Cystic diseases of the Kidney

NB Renal cysts are common, especially in older patients.  They are usually incidental findings and rarely require any management (they can occasionally cause pain and haematuria if they rupture)

Adult Polycystic Kidney Disease

Background / Epidemiology

  • Autosomal dominant condition caused by mutations in the PKD1 gene (85%) or PKD2 gene (15%)
    • Most patients with PKD1 mutations cause end stage renal disease and usually presents at around age 55
    • Only a minority of patients with PKD2 mutations end up with renal failure; they also usually present later at around 70 years.
  • Common- incidence of around 1 in 1000; accounts for 10-15% of patients on dialysis

Presentation

  • Hypertension may be an early sign (~age 20)
  • Vague abdominal/loin discomfort with a palpable mass (often bilateral)
    • Acute pain or renal colic may be due to cyst rupture
  • Haematuria (rarely proteinuria)- usually gross episodes which resolve spontaneously, although microscopic haematuria usually remains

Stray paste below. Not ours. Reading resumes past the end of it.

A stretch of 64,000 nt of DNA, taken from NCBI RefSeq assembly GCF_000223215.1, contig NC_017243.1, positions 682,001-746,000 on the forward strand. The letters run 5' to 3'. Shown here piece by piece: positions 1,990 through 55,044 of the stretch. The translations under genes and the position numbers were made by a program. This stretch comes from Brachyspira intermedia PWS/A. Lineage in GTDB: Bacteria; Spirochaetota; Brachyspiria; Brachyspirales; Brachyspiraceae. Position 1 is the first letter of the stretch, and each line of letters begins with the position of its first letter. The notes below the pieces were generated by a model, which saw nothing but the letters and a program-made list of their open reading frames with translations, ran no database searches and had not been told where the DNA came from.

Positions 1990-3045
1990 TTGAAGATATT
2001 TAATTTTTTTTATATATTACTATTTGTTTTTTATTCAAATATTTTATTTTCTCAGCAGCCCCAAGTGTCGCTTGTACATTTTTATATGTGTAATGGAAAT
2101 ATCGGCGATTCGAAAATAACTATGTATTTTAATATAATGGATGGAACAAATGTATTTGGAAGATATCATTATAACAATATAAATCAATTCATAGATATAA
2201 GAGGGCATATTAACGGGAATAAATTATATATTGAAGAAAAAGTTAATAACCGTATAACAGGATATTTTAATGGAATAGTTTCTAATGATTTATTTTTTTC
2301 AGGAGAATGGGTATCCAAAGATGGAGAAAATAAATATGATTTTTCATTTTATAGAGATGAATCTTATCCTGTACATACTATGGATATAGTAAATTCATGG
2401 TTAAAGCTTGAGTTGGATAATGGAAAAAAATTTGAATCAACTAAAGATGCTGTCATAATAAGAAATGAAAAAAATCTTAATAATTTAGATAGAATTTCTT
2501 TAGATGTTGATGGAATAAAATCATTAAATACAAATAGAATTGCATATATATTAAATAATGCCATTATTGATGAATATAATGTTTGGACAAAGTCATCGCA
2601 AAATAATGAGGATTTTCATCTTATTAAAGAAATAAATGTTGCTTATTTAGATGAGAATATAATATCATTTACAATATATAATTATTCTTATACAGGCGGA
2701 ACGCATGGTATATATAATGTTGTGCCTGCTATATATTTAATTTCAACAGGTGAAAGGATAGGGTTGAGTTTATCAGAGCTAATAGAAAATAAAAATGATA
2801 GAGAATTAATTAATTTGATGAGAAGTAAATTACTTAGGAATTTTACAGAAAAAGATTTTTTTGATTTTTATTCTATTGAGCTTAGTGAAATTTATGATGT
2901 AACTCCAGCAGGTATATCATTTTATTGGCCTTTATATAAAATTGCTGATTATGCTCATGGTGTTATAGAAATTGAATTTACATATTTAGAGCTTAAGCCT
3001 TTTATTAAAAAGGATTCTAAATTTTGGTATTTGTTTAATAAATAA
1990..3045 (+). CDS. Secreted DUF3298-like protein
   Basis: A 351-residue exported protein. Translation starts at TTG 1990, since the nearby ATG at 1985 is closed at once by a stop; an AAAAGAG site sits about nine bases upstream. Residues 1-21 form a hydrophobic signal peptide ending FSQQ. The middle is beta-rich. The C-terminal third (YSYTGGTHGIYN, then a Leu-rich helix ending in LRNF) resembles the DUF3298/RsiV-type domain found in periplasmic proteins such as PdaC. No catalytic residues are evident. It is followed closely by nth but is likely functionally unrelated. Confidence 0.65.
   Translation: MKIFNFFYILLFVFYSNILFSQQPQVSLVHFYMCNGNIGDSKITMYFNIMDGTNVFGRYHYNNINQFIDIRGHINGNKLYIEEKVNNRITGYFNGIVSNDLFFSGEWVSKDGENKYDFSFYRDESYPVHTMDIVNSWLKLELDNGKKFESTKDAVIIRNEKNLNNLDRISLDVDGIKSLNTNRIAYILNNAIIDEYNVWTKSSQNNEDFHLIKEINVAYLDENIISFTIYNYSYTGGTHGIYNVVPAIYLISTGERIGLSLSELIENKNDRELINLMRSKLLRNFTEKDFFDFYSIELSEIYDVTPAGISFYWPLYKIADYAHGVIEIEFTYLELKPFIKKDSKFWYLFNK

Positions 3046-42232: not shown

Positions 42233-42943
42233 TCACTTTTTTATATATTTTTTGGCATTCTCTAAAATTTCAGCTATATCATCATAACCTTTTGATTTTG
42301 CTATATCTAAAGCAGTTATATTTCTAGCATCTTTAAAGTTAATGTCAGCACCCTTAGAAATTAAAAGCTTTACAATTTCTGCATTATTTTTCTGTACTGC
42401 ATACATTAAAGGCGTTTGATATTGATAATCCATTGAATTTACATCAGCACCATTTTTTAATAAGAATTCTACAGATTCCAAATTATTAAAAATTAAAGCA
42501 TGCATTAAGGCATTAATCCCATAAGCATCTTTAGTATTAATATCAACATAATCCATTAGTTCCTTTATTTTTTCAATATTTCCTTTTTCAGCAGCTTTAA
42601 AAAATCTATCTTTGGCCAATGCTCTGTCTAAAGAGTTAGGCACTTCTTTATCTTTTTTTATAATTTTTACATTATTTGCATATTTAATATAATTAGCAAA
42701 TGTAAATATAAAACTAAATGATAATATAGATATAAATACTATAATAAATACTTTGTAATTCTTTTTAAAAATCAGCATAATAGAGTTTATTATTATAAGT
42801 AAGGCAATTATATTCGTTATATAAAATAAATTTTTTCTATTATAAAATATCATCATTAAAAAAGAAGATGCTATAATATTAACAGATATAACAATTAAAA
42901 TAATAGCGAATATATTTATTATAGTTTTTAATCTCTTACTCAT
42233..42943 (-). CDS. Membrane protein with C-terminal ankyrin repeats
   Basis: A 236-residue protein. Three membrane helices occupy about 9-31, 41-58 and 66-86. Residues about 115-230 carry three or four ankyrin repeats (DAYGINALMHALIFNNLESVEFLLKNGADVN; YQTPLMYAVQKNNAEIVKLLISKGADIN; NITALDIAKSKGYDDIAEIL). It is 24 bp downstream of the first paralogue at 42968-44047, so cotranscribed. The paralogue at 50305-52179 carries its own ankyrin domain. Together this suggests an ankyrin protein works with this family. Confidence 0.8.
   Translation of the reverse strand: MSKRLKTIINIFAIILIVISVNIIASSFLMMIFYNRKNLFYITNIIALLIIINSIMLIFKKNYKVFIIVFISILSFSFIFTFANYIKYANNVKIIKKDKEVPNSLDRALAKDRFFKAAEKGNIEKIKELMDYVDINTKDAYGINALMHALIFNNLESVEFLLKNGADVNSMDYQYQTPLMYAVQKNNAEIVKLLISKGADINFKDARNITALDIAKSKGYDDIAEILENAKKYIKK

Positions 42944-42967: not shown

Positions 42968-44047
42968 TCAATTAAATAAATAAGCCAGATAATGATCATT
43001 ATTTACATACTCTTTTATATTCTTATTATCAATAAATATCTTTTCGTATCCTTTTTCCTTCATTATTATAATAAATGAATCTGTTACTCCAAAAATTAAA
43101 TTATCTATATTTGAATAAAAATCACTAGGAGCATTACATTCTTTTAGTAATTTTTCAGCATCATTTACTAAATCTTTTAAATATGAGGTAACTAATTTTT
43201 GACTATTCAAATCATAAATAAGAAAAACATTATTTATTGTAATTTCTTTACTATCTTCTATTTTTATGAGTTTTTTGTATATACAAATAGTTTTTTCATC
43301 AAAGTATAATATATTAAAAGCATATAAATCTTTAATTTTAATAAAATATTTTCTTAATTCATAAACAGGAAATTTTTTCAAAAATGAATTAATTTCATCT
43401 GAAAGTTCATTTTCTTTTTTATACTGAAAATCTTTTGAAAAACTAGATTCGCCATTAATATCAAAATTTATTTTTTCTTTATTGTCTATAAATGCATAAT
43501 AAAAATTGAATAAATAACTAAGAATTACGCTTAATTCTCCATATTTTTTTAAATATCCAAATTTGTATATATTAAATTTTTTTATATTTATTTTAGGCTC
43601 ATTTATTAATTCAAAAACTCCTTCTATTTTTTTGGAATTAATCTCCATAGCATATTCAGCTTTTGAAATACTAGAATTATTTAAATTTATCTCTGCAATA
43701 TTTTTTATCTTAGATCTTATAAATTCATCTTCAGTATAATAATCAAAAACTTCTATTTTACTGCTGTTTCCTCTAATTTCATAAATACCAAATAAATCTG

• Urinary tract/cyst infections
  • Chronic kidney disease
  • Extrarenal manifestations
    • About 30% also have liver cysts although impairment of function is rare (may have hepatomegaly
    • About 10% have cerebral berry aneurysms and are at risk of subarachnoid haemorrhage (probably restricted to certain mutations)
    • Mitral and aortic regurgitation and LV hypertrophy is frequent but usually mild
    • Patients may have features of polycythaemia (increased EPO production)

Investigations

  • USS of the kidney is usually diagnostic
    • FBC, U&Es and LFTs should be done routinely to check renal and hepatic function

Management

  • As with CKD- management of cardiovascular risk factors is important e.g. hypertension control
  • Unless they cause severe pain or infection, the kidneys are usually not removed.
  • If kidney function deteriorates, patients usually do well on dialysis.

Medullary Sponge Kidney

  • Cystic disease of the papillary collecting ducts
  • Not seem to be genetic (aetiology unknown)
  • Patients usually present with recurrent renal stone disease (often require preventative management)
  • Diagnosed by USS or IVU
  • Management is usually focussed at preventing UTI and stone disease
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